by Ahmed E. Souaiaia *
Trump said many things that offended many people. Muslim Americans were among those offended by his comments on refugees, terrorism, and Islam. Now that he is elected to be the 45th president of the United States, should Muslims freak out?
To answer this question, I include this essay, which I drafted in June of this year in response to some of my colleagues’ comments. I said then that support for Trump was not a passing moment: Trump will be president. Here he is: President-Elect Trump and in about two months he will lead this country… to somewhere. I did not publish the essay then because it could have been perceived as an attempt to influence young voters, like the ones I have in my classes. Now that the elections are over, I will share it. It is still as relevant now as it was then.
I should add one thought since we now know for sure that Trump is elected president: He is the legitimate president produced through the system as is. But his election and the process should not and cannot be allowed to legitimize and legitimate racism. The task of resisting falls on the shoulders of civil society institutions as understood in the broadest sense possible. A democracy is as strong as its civil society institutions.
Electing Donald J. Trump president of the United States of America
by Ahmed E. Souaiaia*
June 9, 2016
Thus far, Donald J. Trump used some of his own money to finance his presidential campaign and he thinks that his support comes from outside the political establishment. With such real or perceived autonomy, he was able to make some of the most outrageous comments that allowed him to be the lead story in every news outlet–for free. Some conservative commentators thought that his campaign will eventually collapse because Mr. Trump does not represent the Republican Party. To his credit, he is now the presumptive nominee and that did not come easy.
Unlike Mrs. Clinton, for whom the field was basically cleared–a decision Democrats might regret later, she faced just two other contenders. Mr. Trump beat sixteen other candidates. He earned the Republican nomination. Still, some thought that since he is now the GOP nominee, he will stop making inappropriate and racist comments to widen his base of support. Last week, he suggested that Hispanic or Muslim judges cannot be partial because of their heritage, drawing rebuke from many Republican leaders, including the person who stands third in line to become president of the United States, Speaker Paul D. Ryan.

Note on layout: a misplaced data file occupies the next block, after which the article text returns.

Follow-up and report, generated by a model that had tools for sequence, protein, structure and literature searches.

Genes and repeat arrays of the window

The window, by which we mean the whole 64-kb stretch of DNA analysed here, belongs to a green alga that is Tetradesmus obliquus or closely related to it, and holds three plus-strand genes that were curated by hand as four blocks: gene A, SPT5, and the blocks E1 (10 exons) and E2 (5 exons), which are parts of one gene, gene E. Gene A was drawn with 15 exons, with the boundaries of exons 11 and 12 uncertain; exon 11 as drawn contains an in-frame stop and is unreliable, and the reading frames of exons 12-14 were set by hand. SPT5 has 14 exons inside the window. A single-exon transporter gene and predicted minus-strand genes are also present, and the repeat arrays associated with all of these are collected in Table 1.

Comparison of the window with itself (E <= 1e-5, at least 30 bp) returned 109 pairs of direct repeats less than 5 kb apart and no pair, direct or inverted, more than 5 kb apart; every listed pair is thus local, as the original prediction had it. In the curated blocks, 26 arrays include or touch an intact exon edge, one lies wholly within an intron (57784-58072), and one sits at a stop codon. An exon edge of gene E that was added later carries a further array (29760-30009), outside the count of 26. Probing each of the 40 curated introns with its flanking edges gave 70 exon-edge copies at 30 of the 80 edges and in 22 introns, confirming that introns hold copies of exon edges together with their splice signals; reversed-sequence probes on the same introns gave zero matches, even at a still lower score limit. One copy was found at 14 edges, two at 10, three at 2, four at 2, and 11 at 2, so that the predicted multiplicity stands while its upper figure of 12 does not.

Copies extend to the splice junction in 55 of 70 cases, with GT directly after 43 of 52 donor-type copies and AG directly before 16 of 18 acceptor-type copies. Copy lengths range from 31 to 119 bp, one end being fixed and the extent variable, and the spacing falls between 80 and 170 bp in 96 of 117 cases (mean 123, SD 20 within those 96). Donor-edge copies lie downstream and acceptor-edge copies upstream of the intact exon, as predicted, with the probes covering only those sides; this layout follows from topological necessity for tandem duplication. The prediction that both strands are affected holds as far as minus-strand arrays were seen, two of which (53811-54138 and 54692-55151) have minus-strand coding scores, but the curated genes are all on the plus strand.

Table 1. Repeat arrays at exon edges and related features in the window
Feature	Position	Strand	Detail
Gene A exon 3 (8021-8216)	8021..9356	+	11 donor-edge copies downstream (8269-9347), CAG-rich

He replied to Mr. Trump’s reported comment saying that “claiming a person can’t do their job because of their race is sort of like the textbook definition of a racist comment.” Then he added, “I believe that we have more common ground on the policy issues of the day and we have more likelihood of getting our policies enacted with him.” In other words, Republicans want to have it both ways: condemn racist comments and embrace racists. That is why many people, including myself, believe that racism in America is unique, deep, and systemic. Such racism, exceptional as it is, cannot be addressed unless the institutions that originated and have sustained racism are purged. The lack of thus understanding racism is the reason why, I think, Mr. Trump will be elected president.
I resisted interjecting into a crucial political context. However, when colleagues and acquaintances who rarely talk about politics approach me these days to tell me how sorry they were to see politicians like Mr. Trump feeding the flames of prejudice against and hate of Muslims, I felt that I should say something. Then, when politically active colleagues use Mr. Trump’s example to suggest that Muslims will be safer with a Democratic president, I was even more frustrated. To use fear to create a default political position for Muslims is just as offensive, in my mind, as Mr. Trump’s comments about ethnic, racial, and religious disempowered social groups. Today, Muslims are facing systemic racism the same way all other disempowered social groups have faced it since the founding of this Republic. This is not a Republican problem. It is an American problem.